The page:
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Wine played an important role in ancient Egyptian ceremonial life.
A thriving royal winemaking industry was established in the Nile Delta following the introduction of grape cultivation from the Levant to Egypt c. The industry was most likely the result of trade between Egypt and Canaan during the early Bronze Age, commencing from at least the 27th-century BC Third Dynasty, the beginning of the Old Kingdom period.
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Wine production and consumption increased, burgeoning from the 15th century onwards as part of European expansion.
Despite the devastating 1887 phylloxera louse infestation, modern science and technology adapted and industrial wine production and wine consumption now occur throughout the world.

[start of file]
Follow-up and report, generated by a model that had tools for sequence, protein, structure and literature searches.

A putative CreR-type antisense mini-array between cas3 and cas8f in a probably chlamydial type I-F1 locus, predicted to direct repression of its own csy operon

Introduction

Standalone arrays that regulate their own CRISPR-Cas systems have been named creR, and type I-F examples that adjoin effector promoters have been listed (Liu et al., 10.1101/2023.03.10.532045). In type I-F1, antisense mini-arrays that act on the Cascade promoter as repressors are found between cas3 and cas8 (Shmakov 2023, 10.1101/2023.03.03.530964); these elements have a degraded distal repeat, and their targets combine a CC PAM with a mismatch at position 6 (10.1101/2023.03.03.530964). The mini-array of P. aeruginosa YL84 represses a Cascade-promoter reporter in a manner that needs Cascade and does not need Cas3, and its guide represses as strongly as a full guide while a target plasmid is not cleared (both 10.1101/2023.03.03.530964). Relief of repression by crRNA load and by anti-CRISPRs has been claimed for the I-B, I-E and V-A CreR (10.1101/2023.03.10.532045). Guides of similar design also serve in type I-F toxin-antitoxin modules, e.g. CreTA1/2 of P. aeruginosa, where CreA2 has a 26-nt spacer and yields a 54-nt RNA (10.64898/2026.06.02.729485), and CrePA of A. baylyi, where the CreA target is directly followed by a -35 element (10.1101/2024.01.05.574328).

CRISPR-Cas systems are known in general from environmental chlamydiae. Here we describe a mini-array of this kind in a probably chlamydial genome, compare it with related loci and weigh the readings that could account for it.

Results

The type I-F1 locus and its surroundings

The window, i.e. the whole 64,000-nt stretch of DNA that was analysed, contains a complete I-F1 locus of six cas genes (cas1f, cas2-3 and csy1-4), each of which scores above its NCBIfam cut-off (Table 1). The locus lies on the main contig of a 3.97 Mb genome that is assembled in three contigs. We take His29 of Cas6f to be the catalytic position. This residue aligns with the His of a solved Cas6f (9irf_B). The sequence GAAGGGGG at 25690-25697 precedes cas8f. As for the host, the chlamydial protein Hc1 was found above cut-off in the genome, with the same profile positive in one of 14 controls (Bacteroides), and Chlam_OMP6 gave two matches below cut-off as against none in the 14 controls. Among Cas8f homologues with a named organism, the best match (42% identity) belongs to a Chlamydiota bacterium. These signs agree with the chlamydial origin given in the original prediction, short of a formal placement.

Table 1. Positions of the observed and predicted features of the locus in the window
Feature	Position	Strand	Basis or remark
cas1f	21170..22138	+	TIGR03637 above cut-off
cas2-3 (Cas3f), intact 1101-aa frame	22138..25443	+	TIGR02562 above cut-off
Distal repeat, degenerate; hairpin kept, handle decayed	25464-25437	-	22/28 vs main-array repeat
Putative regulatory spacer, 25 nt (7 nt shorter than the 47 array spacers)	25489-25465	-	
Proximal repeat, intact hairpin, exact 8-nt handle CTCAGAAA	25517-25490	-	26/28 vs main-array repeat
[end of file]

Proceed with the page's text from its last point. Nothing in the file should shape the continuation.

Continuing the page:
Consumption of ritual wine was part of Jewish practice since Biblical times and, as part of the eucharist commemorating Jesus's Last Supper, became even more essential to the Christian Church.
Although Islam nominally forbade the production or consumption of wine, during its Golden Age, alchemists such as Geber pioneered wine's distillation for medicinal and industrial purposes such as the production of perfume.
Because of this, he was rewarded to become a god of wine.The origins of wine predate written records, and modern archaeology is still uncertain about the details of the first cultivation of wild grapevines.It has been hypothesized that early humans climbed trees to pick berries, liked their sugary flavor, and then begun collecting them.Shedeh, the most precious drink in ancient Egypt, is now known to have been a red wine and not fermented from pomegranates as previously thought.Plutarch's Moralia relates that, prior to Psammetichus I, the pharaohs did not drink wine nor offer it to the gods "thinking it to be the blood of those who had once battled against the gods and from whom, when they had fallen and had become commingled with the earth, they believed vines to have sprung".